Beyond policy, the dynamics vis-a-vis students is also different. Namely, location isn’t as important. Several university representatives tell us that one of the most important criteria for choosing a school for their children is its proximity to home. When looking at universities, the quality of education and word-of-mouth testimonials is much more important, Afifi says.
Furthermore, students usually resort to enrolling in private universities in other governorates because they cannot find seats in Cairo-based ones. When it comes to disciplines such as medicine, pharmacy and dentistry, seats at Cairo universities get maxed out very quickly, which leads students to look for options outside the capital, Sarhan says. For instance, 70% of enrolled students at Merit University in Sohag did not begin their college education over there.
Some private universities outside of Greater Cairo are more expensive, but financial facilities for higher education can help cover the fees. Merit University’s Faculty of Medicine costs about EGP 185k a year, compared to EGP 120k at Sixth of October University. Badr University charges EGP 97k. While these prices are high, some banks offer student loans which could help. When it comes to university loans, banks are offering to give parents up to EGP 1.5 mn with tenors of up to three years to match the nature and time commitment of postgraduate education, we previously wrote.
This is way higher than available K-12 school loans: Parents can acquire K-12 tuition loans that typically range from EGP 2k all the way to around EGP 500k.
But despite the lower land cost, other challenges can hinder private investors from building universities in the governorates. As with schools (and healthcare), a lot of talent needs to be brought in from other governorates in order for a university to be operational, Afifi tells us. The private investor has two options here: either to be close to a state-owned university in order to cross-employ its staff, or pay large incentives and bear accommodation expenses for faculty moving to the governorate to teach, he adds.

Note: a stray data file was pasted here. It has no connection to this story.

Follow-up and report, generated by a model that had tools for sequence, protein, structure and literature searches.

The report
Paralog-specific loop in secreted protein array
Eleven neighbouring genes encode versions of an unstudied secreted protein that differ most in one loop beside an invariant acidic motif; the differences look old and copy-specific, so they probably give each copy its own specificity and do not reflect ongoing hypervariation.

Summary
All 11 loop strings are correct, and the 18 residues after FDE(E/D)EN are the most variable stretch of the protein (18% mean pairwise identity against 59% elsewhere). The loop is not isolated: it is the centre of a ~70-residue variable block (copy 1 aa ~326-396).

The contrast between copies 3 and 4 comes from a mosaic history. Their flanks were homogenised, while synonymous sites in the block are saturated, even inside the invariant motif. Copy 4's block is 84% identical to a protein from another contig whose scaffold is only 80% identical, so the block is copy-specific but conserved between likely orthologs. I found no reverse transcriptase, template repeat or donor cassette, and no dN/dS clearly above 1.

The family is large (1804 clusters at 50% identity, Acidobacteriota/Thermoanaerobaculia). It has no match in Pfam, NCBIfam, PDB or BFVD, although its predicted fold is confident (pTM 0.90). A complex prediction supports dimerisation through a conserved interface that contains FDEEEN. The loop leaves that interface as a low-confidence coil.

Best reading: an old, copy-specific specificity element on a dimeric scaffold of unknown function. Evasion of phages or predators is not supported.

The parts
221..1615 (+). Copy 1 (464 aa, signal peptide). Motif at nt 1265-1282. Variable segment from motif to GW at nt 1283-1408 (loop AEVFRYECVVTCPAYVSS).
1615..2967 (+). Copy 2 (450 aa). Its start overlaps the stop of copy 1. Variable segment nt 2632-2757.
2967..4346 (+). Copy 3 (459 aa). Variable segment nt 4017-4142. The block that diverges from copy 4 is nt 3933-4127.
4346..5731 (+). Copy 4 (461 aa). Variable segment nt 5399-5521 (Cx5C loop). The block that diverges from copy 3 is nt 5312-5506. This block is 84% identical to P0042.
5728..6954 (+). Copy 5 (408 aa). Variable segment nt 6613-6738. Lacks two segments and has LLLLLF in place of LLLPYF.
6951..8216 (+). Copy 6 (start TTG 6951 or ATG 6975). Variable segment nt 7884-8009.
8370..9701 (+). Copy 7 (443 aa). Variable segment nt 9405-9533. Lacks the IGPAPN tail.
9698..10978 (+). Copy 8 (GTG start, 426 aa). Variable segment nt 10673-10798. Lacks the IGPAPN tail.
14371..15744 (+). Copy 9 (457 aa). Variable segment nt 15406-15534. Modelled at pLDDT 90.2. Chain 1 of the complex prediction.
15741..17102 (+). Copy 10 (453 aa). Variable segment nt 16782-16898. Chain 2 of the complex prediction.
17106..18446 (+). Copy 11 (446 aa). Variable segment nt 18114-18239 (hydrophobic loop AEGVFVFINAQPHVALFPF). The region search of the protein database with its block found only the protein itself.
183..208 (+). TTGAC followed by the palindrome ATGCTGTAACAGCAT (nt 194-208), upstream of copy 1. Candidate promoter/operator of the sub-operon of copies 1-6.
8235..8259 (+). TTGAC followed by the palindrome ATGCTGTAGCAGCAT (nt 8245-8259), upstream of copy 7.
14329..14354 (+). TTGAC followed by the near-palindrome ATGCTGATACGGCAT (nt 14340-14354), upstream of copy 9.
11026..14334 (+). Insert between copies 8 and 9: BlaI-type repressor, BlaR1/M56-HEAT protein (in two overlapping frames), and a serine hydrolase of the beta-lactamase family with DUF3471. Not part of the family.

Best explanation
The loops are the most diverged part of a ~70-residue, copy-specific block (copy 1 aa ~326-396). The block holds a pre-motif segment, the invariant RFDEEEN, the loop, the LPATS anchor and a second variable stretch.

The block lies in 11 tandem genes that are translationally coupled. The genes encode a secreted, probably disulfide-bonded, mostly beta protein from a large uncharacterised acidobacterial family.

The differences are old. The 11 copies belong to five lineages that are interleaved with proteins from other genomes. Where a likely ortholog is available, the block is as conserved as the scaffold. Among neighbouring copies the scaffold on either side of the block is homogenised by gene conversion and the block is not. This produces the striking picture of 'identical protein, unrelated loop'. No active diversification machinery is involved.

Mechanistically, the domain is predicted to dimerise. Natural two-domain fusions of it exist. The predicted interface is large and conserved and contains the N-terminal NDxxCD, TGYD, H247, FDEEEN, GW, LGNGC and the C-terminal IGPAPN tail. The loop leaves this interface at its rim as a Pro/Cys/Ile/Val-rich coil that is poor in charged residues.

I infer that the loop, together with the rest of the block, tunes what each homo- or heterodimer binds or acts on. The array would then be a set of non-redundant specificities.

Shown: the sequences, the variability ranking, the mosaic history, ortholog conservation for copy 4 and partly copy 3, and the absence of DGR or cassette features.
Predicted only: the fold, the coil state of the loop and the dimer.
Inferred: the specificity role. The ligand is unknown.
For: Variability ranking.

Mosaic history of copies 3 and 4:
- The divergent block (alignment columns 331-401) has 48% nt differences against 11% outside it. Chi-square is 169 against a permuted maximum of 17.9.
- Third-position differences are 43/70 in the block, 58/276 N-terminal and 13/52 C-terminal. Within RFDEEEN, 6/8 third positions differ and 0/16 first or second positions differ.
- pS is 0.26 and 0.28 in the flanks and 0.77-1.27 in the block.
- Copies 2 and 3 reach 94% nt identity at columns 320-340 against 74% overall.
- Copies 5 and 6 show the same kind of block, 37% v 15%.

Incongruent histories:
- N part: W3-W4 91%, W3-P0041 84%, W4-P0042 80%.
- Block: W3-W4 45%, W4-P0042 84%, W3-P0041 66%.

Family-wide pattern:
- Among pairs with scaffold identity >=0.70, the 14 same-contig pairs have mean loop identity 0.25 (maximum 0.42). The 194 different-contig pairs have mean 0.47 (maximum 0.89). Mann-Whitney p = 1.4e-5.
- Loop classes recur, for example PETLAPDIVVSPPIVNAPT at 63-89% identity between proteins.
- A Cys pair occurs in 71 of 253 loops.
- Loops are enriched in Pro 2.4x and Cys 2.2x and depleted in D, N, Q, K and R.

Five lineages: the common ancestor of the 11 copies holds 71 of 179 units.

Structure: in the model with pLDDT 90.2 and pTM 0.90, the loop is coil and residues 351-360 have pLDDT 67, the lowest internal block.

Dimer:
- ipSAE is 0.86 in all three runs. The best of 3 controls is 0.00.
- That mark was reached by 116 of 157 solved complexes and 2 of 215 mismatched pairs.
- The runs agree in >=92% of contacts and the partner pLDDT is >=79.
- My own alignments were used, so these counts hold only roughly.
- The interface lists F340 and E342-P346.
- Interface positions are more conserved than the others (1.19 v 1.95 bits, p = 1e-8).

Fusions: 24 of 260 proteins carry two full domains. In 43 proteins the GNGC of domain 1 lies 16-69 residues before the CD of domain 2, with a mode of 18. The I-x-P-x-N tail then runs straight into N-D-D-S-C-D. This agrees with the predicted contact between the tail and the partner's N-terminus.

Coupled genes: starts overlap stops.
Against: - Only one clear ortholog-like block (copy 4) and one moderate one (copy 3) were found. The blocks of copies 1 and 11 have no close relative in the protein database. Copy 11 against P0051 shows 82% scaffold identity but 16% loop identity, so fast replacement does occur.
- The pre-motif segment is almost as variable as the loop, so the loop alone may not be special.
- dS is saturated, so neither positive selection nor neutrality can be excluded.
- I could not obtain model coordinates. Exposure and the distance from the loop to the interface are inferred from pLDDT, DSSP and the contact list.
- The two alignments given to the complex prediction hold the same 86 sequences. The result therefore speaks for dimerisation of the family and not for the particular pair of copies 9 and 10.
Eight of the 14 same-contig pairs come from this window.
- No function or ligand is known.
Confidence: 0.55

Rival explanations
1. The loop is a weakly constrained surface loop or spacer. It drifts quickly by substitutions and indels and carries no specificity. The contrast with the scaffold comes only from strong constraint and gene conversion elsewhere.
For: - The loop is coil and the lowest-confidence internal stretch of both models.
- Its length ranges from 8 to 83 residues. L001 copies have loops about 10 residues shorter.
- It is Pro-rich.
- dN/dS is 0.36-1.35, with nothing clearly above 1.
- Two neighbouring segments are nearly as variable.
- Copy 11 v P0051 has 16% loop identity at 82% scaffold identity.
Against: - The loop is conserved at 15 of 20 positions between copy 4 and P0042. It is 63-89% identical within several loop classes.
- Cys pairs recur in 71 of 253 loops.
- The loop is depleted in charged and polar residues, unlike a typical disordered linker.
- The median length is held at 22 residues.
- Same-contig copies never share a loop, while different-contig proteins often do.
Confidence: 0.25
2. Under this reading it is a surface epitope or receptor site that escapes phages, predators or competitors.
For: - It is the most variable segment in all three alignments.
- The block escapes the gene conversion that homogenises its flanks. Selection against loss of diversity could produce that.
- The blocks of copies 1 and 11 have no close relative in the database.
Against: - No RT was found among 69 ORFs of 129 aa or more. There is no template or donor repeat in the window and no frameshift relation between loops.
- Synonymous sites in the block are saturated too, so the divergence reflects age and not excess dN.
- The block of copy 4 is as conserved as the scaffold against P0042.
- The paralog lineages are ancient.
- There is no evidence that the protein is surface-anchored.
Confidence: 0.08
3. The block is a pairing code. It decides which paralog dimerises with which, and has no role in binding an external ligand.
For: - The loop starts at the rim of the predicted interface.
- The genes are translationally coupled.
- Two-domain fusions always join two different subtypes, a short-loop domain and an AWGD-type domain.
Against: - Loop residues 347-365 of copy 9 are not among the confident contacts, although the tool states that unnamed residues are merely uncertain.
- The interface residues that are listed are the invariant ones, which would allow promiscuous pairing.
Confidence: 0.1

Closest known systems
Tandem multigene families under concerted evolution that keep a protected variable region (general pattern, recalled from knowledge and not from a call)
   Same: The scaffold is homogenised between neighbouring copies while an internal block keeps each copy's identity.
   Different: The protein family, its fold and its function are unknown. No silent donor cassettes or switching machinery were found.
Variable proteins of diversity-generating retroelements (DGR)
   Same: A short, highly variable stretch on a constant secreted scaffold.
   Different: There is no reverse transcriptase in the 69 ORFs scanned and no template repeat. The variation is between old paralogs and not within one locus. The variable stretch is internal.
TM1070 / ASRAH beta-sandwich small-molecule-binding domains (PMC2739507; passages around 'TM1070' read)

One challenge that could come into play down the line: the crowding out of the private sector: The government has been focusing on building non-profit universities, approving four new ones in 2020. These universities aim at providing high-quality education at about 50% of the fees of normal private universities, according to head of the Supreme Council of Private Universities Helmy El Ghorr. These include El-Galalah University, AlAlamein International University, New Mansoura University and King Salman International University. These are completely managed by the Higher Education Ministry. The government plans to build 14 private non-profit universities in the next two years, according to El Ghorr. With that in mind, it would appear that now is the time for private university owners to pull the trigger on any new project, while the going is good.